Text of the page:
Tag Archives: Gabriel Martins

Life Is Better in the Milky Way

Mars One

by Daniel Baldwin

The latest drama from Brazilian filmmaker Gabriel Martins, Mars One, lays out the story of a family’s trials and tribulations, set against the backdrop of a fascist right-wing leader being elected to power in 2018. The Martins are a lower-middle-class family, struggling to make ends meet. Their wants, needs, and beliefs are all running in separate directions, which is a tense thing to be occurring amidst such political upheaval.

Matriarch Tercia (Rejane Faria) has become overwhelmed by the supernatural fear that she is cursed. Patriarch Wellington (Carlos Francisco) sees that, given their skin color, their only salvation for future financial security can come in the form of son Deivinho’s (Cicero Lucas) soccer skills. After all, raw sports talent often glosses over any issues with social and/or cultural standing. Problem there is that Deivinho isn’t too keen on becoming a professional athlete. His personal dreams lie not in the clouds, but above them: he wants to become an astronaut and help colonize Mars as part of the (then-)planned Mars One mission.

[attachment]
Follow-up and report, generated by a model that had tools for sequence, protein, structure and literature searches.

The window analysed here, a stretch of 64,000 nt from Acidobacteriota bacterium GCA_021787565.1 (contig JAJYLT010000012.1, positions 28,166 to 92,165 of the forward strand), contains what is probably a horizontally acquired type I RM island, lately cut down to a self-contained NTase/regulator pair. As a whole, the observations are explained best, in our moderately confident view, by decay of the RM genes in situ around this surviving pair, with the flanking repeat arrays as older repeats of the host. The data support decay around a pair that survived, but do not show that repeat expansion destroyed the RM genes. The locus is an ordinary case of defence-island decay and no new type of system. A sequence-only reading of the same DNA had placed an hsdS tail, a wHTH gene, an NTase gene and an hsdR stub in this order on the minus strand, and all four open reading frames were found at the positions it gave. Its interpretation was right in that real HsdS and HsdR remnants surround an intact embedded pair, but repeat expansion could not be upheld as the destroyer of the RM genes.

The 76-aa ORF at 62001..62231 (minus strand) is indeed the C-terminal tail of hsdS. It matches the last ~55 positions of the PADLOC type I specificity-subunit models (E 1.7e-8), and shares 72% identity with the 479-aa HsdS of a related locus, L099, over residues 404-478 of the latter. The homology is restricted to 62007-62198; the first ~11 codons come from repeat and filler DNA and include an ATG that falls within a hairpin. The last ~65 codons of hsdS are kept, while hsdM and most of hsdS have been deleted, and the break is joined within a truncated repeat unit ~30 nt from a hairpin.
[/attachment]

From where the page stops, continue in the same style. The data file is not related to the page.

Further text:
Then there’s daughter Eunice (Camilla Damião), who longs to leave and live elsewhere with her girlfriend, out from under the influences of her parents. All of this makes for a rather tense and chaotic environment for the family, especially when it comes to understanding one another’s differences, but it’s not a situation devoid of love. Because of this, there’s a very tender and emotional undercurrent flowing deeply through the film amidst all of the familial strife on display. The performances are all touching, even those that hail from non-professional actors.

Where Mars One trips up is when it tries to focus on each family member’s arc equally. By serving no master, the film comes up short on delivering the goods as well as it might have had one family member been the primary focus. After all, there’s only so much story that can fit into a two-hour runtime. Still, this is a moving and often relatable family drama. It’s not hard to see why it has garnered such acclaim on the festival circuit. If down-to-earth familial drama is your thing, you’ll want to check this one out.